Cafe de los Angelitos was founded in 1890 and is far more than just a simple cafe.  With a formal, though more traditional, cafe in front the venue manages to secret away a large balconied dining room decorated in an ornate 19th century style.  The dining room and the connected balconies resemble the general feel of your traditional opera or play house and are carefully laid out to offer a fantastic view of the raised stage. The stage is a beautiful two story thing, with a recessed space for the band and multiple layers allowing fantastic acoustics and the dancers wonderful opportunities to use the set as part of their performances.  All of the wait staff are in traditional outfits which offer a turn of the century meets old Victorian Gaucho look.

I checked in and to my delight was escorted to the end seat directly off the center of the stage.  Though located near the back of the ground floor it offered me a centered view of the stage and placed me close enough to see everything in perfect detail. I ordered still water and relaxed to people watch as time slipped by. I’d arrived right before the main course was served for those who opted to do the dinner, and I have to confess that the dinner looked superb. Multi-course with oyster appetizers, a large steak, and wonderful assortment of desert options it left my mouth watering.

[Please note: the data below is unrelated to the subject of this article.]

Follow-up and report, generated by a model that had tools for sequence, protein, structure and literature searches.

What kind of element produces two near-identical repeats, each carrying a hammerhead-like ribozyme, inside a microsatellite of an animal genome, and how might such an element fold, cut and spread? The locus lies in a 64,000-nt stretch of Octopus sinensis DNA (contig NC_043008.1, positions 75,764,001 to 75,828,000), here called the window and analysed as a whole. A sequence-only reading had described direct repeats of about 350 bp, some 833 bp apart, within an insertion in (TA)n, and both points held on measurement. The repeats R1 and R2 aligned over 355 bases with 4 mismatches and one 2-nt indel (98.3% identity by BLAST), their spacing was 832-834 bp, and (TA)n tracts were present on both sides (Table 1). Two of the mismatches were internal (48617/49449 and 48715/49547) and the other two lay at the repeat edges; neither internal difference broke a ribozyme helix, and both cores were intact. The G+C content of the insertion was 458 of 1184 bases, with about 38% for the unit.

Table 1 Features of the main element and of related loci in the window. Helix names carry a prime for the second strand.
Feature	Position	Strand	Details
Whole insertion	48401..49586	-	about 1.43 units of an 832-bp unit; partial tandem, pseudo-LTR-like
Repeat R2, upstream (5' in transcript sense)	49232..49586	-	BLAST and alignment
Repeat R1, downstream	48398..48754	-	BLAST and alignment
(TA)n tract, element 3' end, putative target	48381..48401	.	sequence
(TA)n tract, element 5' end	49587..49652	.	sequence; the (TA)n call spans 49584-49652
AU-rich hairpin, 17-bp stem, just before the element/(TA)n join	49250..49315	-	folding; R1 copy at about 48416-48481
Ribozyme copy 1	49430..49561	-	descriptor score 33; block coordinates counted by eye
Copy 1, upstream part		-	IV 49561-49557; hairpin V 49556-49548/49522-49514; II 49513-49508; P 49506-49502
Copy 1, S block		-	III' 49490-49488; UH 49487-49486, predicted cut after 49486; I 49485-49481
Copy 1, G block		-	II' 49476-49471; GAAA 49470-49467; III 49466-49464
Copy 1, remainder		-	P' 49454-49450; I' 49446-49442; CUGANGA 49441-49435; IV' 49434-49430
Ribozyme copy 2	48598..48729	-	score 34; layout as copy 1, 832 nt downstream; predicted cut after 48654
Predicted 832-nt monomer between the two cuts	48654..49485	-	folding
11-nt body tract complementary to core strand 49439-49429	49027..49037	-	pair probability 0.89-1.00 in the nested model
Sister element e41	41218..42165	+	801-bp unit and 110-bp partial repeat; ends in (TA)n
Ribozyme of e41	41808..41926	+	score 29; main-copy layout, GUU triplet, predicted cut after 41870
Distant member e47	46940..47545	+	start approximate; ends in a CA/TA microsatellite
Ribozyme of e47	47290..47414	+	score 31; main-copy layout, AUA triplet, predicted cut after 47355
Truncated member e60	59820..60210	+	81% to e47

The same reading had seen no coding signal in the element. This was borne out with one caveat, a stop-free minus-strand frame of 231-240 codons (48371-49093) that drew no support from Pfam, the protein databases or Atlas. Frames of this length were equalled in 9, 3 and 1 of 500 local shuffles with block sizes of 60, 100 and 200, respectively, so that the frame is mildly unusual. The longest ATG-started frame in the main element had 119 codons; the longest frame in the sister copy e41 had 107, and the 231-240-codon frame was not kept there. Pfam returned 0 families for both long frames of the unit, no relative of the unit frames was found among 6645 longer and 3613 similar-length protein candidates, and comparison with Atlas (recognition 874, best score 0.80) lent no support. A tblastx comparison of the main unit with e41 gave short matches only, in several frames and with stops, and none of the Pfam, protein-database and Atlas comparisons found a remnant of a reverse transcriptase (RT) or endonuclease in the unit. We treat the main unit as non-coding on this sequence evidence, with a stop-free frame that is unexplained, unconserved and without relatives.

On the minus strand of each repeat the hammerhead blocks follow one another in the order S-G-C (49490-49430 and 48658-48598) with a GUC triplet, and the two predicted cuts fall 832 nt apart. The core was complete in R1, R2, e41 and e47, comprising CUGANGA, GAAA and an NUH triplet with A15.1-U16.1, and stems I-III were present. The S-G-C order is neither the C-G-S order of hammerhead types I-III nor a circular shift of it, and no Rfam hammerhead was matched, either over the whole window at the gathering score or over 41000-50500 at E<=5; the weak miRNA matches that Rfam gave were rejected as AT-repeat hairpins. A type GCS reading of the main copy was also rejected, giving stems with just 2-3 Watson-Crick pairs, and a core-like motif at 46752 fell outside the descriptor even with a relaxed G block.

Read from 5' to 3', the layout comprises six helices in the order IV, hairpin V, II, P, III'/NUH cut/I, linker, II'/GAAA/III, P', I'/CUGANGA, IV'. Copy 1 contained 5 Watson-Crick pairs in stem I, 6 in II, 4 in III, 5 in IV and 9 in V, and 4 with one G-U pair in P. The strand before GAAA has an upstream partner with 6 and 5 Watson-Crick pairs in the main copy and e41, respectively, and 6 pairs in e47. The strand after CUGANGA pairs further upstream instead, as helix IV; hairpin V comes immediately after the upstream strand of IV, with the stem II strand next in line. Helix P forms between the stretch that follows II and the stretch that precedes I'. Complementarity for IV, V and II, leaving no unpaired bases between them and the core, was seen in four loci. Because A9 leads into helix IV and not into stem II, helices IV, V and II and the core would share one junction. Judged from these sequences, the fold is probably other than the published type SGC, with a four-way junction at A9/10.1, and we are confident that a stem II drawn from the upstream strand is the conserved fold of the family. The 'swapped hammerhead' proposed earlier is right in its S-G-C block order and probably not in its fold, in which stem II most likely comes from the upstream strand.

Taken by Cafe de los Angelitos

And then the lights dimmed, plates were cleared away and the stage lights lit the stage. As the lights slowly came up the performers made their way through the crowd before finding their way up onto the stage. They giggled and laughed, chatted and teased each other in character while dressed in beautiful summer clothing. One jovially lugged an early model camera with him while others had umbrellas and tophats in tow. They settled into a group, posed briefly and then with a large flash the Camera went off. From there the picnic evolved into a delightful dance with the five partnerships spinning, twisting, dipping and pausing for a periodic corte. All the while the band, which was located in a recessed enclosure in the center of the stage, played piercing tango music.  I was instantly drawn into the performance and found myself on the edge of my seat.